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I have the following implementation:

from collections import defaultdict
from collections import OrderedDict

prod = [
    [1, 'tomato', 'veg', 'Jan-1'],
    [1, 'banana', 'fruit', 'Jan-3'],
    [2, 'melon', 'fruit', 'Jan-2'],
    [3, 'apple', 'fruit', 'Jan-4'],
    [2, 'cucumber', 'veg', 'Jan-1']
]

d = defaultdict(list)

for i in range (0, len(prod)):
    f_name = prod[i][1]
    f_type = prod[i][2]
    f_date = prod[i][3]

    key = prod[i][0]

    d[key].append([f_name, f_type, f_date])

e = OrderedDict(sorted(d.items(), key=lambda t: t[0]))
print ("***************")
print (e)

table_for_graph = []

for key, value in e.iteritems():
    table_for_graph.append(value)

print (table_for_graph)

The output I get is like this:

[[['tomato', 'veg', 'Jan-1'], ['banana', 'fruit', 'Jan-3']], [['melon', 'fruit', 'Jan-2'], ['cucumber', 'veg', 'Jan-1']], [['apple', 'fruit', 'Jan-4']]]

I want to create a list like this:

[
    ['tomato''\n''banana','veg''\n''fruit','Jan-1''\n''Jan-3'],
    ['melon''\n''cucumber','fruit''\n''veg','Jan-2''\n''Jan-1'],
    ['apple','fruit','Jan-4']
]

Meaning, I want to concatenate the items which have the same key. How do I go about this? I am not familiar with iterating thorugh dict yet.

  • If you are not familiar with iterating through a dict, how did you get the code in the first place? – Mad Physicist Feb 11 at 13:39
  • Can you please check your output? It's inconsistent in terms of separators. – Mad Physicist Feb 11 at 13:40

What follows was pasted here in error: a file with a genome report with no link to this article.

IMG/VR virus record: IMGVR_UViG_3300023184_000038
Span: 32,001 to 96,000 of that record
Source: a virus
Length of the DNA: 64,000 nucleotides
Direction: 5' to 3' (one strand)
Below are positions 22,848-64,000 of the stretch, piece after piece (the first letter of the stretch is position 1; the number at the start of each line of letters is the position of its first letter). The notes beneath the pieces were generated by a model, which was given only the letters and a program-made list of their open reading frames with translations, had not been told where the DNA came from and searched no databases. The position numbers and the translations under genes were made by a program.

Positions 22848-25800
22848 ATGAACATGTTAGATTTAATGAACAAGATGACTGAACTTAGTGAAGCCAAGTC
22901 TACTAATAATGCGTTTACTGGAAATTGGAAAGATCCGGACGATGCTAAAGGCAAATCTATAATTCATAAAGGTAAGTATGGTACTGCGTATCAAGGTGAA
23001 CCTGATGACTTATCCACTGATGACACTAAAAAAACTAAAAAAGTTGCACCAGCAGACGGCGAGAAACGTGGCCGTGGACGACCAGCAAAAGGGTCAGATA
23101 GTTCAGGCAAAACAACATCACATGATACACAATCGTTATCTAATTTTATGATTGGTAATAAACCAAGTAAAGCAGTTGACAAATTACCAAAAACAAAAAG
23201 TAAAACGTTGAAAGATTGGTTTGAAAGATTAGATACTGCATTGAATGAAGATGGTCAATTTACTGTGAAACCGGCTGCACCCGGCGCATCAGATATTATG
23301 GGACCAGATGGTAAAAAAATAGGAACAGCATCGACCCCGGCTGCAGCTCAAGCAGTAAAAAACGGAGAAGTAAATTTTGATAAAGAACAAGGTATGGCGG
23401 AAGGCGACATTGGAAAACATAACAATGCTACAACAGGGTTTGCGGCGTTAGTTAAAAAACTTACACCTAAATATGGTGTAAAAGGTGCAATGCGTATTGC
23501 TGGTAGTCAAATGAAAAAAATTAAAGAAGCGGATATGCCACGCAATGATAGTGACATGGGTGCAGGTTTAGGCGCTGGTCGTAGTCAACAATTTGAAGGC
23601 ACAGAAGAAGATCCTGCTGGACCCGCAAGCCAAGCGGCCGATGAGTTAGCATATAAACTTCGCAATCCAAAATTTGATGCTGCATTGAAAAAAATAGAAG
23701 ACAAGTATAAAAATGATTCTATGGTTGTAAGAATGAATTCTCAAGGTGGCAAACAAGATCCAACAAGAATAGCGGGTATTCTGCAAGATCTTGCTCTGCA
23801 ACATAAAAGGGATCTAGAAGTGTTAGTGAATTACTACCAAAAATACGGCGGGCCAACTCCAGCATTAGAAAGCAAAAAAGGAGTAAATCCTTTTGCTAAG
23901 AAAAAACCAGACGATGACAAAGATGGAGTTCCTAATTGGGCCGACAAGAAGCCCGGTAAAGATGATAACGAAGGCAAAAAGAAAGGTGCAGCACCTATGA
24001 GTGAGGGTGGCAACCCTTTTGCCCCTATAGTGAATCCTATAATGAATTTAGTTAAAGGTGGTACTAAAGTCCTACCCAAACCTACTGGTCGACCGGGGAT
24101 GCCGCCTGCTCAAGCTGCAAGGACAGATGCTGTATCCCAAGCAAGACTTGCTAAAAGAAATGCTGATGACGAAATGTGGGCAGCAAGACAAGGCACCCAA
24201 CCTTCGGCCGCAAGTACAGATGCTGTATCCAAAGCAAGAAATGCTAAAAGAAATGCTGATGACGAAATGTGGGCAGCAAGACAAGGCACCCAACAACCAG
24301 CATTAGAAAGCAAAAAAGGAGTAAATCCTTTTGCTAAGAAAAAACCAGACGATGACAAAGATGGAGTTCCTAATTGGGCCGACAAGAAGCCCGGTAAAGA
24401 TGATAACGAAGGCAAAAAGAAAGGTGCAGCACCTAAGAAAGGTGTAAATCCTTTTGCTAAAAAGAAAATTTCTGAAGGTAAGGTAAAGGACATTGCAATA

• Also, please add a plain Python tag – Mad Physicist Feb 11 at 13:41
  • Thanks Mad Physicist! I am trying to learn, through coding :) – Deepak V Feb 12 at 5:33
  • 1
    range (0, len(prod)) == range(len(prod)) and you might rather do for el in prod or even better rename for product in products – Martin Thoma Feb 12 at 6:23
1

For starters, the loop that constructs the dictionary can be greatly simplified since the unpacking and repacking is superfluous unless you need to reorder the elements:

for item in prod:
    d[item[0]] = item[1:]

Second, table_graph does not require a loop at all initially:

table_for_graph = e.values()

Each item here is a nested list, like:

>>> e[1]
[['tomato', 'veg', 'Jan-1'],
 ['banana', 'fruit', 'Jan-3']]

You can effectively transpose it by zipping the bits together:

>>> zip(*e[1])
[['tomato', 'banana'],
 ['veg', 'fruit'],
 ['Jan-1', 'Jan-3']]

Putting it all together:

 >>> [s in line for line in zip(*e[1]) for s in line]
 ['tomato', 'banana', 'veg', 'fruit', 'Jan-1', 'Jan-3']

You can run that expression on every element of the dictionary:

table_for_graph = [[s for line in zip(*value) for s in line] for value in e.itervalues()]
  • Hello MadPhysicist, The output is not what I expected. The output is pasted below:[[True, True, True, True, True, True, True, True, True, True, True, True, True, True, True], [True, True, True, True, True, True, True, True, True], [True, True, True, True, True, True, True, True, True, True, True, True, True, True, True]] – Deepak V Feb 12 at 6:05
  • @DeepakV. Fixed typo. Thx for the catch. – Mad Physicist Feb 12 at 6:20

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